There’s a photo book Speeding by David Hurles that comes couched as the recorded history of gay liberation, sexual freedom and closeted access, even though the market from when I was buying the stuff way back when was more the ragged degeneration of sexually available mites. I see the websites of sexual offender mugshots and the j/o clips as easily containing the same arguments. And, without sounding glib I hope, the newer versions are certainly much more vicious in intention. Of course, I’m not only connecting the way I’m sometimes used by these websites and lower mentalities as something to campaign against but also how what I’ve done and overworked is a sliding scale of pornographic extimacy.

There is a current in your writing that's easily described as racist. Is there anything to clarify here? I find it curious that you explicitly chose to exclude black offenders from the running gallery in
Lordotics.

In the book, I explained very clearly why I didn’t choose some men and why I did choose others. I also said that I didn’t care for a job where I had to make explanations for an audience who had no business there. This was an in effort to frame the work in a highly personal, formal or modernist sense rather than allowing for the misreading of the contemporania. My experience is key. And I’m not unaware of projection arguments. I’m not interested in either welcoming everyone in or exploding inclusion suppositions.
All the supplemental work I do is, if it’s dropped into a public setting, called Waitress. This includes these films that I’ve been putting together for years and only fairly recently started showing at readings and whatnot. I decided that they were a better example of my work than by drunkenly, nervously stuttering over the fucking pages in front of a curious, supportive or defensive audience. I’ve been fucking with edits and contradictions and one of the things I put together was a brief collection of Bobby Garcia segments. Bobby is a very low level pornographer that offers marines quick cash to jerk-off in front of his camera. He then makes a move to suck them off. When the boys almost always comply, he encourages them to insult him: Call me a cocksucking faggot. Is this all I’m good for? These clips come in-between more edits of little girls being asked what their fathers, stepfathers and the occasional stranger did to them and what they might now understand was wanted of them whenever. Mostly being interviewed and cajoled by doctors or newscasters. This information does absolutely need me slobbing myself on top of it, not only so that it won’t be misconstrued when I stupidly let it go. So the work becomes books. In Comfort and Critique and Predicate especially, I let voluminous newspaper quotes and a huge portion of The Cullen Report on Hamilton relay the background information in a true crime format. But I let that information talk back to me. The way it does. Generally, I don’t bother imagining an audience. There’s a contempt for them that I refuse to work through to let them in. There are narratives. I don’t construct them for others. And I don’t get lost in them. I have done. I’d prefer an audience read my work the way I read theirs.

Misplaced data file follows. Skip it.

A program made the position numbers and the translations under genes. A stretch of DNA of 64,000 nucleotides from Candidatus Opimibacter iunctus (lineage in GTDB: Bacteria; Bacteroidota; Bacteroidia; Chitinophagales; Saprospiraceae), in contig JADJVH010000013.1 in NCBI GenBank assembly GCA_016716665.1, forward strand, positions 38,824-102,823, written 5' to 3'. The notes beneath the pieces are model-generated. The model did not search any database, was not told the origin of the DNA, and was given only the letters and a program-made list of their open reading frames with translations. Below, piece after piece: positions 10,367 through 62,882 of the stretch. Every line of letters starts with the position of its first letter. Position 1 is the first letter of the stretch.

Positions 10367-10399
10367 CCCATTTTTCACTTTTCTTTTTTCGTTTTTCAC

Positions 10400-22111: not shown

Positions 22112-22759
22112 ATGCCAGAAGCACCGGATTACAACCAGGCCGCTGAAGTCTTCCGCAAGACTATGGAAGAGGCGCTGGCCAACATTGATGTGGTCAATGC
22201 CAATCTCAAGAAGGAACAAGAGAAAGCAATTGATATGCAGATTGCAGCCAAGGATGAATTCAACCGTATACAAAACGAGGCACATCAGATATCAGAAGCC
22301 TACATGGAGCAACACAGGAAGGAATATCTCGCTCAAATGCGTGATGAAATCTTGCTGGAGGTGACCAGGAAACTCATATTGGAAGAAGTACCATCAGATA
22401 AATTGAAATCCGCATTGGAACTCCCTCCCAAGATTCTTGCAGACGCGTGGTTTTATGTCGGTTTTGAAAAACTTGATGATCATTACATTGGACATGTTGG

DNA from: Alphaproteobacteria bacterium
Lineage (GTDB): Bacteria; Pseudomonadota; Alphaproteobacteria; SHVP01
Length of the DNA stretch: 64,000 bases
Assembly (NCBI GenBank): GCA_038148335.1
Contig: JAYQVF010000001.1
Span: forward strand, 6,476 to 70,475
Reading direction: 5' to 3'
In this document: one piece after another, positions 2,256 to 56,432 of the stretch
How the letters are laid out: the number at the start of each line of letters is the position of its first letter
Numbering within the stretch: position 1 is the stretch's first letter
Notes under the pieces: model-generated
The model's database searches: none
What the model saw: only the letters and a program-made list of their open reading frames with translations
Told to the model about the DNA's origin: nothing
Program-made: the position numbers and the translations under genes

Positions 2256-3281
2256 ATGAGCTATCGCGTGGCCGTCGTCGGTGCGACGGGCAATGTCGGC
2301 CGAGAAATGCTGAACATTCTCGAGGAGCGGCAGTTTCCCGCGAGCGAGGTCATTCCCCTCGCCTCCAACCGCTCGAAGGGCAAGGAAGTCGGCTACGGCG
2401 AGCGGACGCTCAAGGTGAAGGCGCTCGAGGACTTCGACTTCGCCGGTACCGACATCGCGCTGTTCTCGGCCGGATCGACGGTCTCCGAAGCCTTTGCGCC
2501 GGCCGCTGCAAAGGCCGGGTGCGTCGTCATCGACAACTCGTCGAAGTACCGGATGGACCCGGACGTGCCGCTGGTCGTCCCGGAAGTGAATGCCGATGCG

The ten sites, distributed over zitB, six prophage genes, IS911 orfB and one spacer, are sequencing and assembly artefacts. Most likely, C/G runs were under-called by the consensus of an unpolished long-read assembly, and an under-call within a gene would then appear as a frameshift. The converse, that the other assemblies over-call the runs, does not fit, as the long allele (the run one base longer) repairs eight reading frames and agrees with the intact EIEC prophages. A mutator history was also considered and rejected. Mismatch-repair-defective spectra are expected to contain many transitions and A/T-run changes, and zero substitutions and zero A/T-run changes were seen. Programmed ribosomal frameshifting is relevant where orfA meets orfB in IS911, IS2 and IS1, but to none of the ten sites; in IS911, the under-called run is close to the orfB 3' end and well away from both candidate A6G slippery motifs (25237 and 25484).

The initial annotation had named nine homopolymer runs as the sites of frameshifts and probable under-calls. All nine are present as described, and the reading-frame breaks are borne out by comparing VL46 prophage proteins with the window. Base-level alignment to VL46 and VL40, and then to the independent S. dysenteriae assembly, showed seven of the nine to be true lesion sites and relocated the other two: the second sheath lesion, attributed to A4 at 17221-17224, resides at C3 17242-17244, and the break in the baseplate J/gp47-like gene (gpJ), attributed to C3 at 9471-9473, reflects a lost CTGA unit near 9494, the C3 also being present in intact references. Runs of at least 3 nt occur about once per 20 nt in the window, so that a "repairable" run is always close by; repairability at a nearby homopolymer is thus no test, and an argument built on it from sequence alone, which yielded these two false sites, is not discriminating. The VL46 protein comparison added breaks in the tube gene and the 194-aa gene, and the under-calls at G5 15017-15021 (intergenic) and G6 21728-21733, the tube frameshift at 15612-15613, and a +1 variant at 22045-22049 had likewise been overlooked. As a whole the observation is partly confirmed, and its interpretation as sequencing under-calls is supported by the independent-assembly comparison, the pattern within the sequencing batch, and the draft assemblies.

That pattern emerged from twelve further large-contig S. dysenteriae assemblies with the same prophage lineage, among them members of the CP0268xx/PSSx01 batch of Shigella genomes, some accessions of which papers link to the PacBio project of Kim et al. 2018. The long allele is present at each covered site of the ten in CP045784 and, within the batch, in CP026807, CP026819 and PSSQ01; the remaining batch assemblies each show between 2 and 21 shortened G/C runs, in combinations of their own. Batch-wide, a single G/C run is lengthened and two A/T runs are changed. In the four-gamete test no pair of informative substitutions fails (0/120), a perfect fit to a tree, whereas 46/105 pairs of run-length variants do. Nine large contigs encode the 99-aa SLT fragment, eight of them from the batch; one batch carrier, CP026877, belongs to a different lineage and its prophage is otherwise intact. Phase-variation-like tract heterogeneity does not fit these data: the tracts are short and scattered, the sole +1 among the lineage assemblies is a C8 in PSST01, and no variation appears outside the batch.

It may trace to your involvement with Ian Brady's book, The Gate's of Janus, but it seems that your writing can no longer be said to exist in a self-contained universe. There's that line from Selfish, Little: "My art drips into the real world." Your focus on Masha Allen in Show Adult  drew vocal indignation from Allen's lawyers, who sought to have your book removed from circulation. And the release ofPredicate in the UK was met with a similar public campaign, spearheaded by relatives of Thomas Hamilton's victims. Are such public outcries merely incidental, or is there an element of intentional provocation in your writing? Are you baiting a reaction?